No justice for Prageeth Eknaligoda

Thursday, 26 January 2023 00:59 -     - {{hitsCtrl.values.hits}}

This week marks the 13th anniversary of the enforced disappearance of journalist Prageeth Eknaligoda. He was subjected to enforced disappearance a few days before the 2010 presidential election and his wife Sandya, two sons, loved ones and fellow media colleagues have been seeking justice for him ever since.

Eknaligoda is among the tens of thousands of Sri Lankan citizens who have been either extra judicially killed or subjected to enforced disappearance by the State since 1971. Despite being one of many, the enforced disappearance of Eknaligoda is emblematic and unique in its own way since he has received the most international attention for this particular crime and the case concerning his disappearance has seen the most progress within the Sri Lankan judicial system. Yet, the case is also emblematic of the impunity that prevails for those who carry out such crimes and the failures of the judiciary to deliver justice for the victims.

Prageeth Eknaligoda was reported missing on 24 January 2010, just days prior to the presidential polls that year. Later investigations conducted by the CID had revealed that he had been abducted by a military intelligence unit of the Sri Lanka Army and held at the Giritale military camp. There has been interference in the investigation into the journalist’s disappearance at every level. For years, the military blocked the CID investigations into the crime, and after the election of President Gotabaya Rajapaksa, many witnesses had recanted confessions made before magistrates. Military intelligence personnel and their commanding officers accused of the crime were exonerated by a presidential commission of inquiry mandated by Rajapaksa to investigate political victimisation. Police detectives including the head of the CID Shani Abeysekara have faced reprisals, including incarceration.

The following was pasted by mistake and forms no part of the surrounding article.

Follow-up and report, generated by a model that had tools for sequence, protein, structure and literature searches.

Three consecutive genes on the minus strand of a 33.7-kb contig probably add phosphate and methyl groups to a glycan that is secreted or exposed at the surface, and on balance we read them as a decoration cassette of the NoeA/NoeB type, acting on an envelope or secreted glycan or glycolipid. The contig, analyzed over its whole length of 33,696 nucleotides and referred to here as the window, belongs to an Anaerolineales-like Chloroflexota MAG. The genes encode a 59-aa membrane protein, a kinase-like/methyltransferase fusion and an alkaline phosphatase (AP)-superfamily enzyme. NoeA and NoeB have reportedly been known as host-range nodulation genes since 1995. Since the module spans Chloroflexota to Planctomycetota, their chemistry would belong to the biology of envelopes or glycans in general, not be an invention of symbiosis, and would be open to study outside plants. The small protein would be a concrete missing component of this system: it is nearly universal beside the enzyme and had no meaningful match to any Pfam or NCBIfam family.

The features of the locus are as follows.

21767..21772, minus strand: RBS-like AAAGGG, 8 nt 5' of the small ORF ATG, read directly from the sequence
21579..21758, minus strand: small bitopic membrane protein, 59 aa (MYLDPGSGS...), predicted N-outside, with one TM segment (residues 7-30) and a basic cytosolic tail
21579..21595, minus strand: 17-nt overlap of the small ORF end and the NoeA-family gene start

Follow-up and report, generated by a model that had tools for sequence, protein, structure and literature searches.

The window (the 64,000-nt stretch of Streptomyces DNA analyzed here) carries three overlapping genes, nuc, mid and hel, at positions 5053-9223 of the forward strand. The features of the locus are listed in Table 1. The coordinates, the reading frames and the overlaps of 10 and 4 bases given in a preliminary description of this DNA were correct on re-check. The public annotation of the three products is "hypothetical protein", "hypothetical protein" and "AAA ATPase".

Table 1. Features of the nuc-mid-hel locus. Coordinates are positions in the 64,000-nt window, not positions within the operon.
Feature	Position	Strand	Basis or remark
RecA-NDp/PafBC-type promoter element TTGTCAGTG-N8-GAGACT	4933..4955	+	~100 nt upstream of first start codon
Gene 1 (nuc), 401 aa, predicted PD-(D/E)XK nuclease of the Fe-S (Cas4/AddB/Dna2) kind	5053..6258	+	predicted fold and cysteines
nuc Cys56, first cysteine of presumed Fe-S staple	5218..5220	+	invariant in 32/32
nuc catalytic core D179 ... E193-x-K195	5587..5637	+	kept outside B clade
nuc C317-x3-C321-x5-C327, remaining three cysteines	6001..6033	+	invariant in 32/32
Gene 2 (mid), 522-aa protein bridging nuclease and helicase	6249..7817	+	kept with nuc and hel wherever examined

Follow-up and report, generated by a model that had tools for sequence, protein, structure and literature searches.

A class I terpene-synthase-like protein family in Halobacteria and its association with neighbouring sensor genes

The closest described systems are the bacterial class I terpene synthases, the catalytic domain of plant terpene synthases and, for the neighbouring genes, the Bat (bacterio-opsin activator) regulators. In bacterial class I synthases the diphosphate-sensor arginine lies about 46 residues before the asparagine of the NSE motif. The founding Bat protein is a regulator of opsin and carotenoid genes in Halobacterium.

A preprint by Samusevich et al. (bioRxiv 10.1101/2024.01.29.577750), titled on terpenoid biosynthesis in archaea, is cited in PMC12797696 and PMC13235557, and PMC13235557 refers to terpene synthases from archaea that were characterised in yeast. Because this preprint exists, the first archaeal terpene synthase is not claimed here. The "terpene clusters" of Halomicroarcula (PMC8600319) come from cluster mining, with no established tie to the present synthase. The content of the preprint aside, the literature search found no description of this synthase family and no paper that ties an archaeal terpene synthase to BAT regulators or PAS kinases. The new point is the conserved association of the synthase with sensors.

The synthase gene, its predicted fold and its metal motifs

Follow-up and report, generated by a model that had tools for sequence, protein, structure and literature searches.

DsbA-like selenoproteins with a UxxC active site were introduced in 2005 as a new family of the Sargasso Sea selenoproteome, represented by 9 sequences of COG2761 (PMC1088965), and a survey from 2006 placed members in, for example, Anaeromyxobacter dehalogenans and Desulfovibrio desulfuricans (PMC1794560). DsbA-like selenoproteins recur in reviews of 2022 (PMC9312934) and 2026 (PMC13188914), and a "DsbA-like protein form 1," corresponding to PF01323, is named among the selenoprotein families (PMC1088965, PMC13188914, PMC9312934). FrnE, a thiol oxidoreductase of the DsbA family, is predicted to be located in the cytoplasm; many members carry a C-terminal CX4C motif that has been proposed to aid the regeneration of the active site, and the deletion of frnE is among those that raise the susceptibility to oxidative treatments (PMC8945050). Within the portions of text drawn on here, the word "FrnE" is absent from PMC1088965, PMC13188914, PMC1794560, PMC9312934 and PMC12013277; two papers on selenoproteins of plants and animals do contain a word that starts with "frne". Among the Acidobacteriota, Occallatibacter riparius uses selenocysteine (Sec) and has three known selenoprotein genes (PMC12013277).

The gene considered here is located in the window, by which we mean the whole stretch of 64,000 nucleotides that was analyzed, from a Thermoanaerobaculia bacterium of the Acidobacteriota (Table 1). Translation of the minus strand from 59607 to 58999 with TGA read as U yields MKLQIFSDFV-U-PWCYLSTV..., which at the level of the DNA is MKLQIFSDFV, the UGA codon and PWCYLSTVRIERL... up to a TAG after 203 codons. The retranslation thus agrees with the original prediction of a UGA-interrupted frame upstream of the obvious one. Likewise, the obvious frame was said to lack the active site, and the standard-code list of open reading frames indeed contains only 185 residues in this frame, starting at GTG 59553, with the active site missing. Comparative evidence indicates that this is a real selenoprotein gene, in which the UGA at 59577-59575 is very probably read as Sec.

Three presidential commissions of inquiry established in the 1990s recorded over 46,000 enforced disappearances during the late 1980s. At least 10,000 youth are estimated to have been either extra-judicially killed or disappeared in 1971 during the first JVP insurrection. A Presidential Commission of Inquiry established by President Mahinda Rajapaksa recorded over 23,000 enforced disappearances in the Northern and Eastern provinces. The fact that Sri Lanka has a culture of impunity concerning such crimes is an understatement. This is a pathetic record for any country, let alone one claiming to be a functional democracy.

According to international law, as long as a person remains missing, the crime of enforced disappearance is ongoing. Therefore, the cases of these tens of thousands of individuals who have been subjected to enforced disappearance are ongoing cases and no number of years passed is going to end the ongoing crime. In 2016 the State acceded to the International Convention for the Protection of All Persons from Enforced Disappearance (CED Act of 2016) and has now accepted enforced disappearance as an autonomous crime. Through this act the State also accepts that families of victims have a right to not only find their loved ones, even remains of them if they are dead, but also to know the circumstances of their deaths. Unfortunately, the Attorney General has not used the provisions of the CED act in a single case nor has it successfully prosecuted a single case of enforced disappearance.

It is incumbent upon every citizen to be invested in justice for Prageeth Eknaligoda; if there is no hope for justice in his case, there is no hope at all for tens of thousands of families just like his own who still seek answers.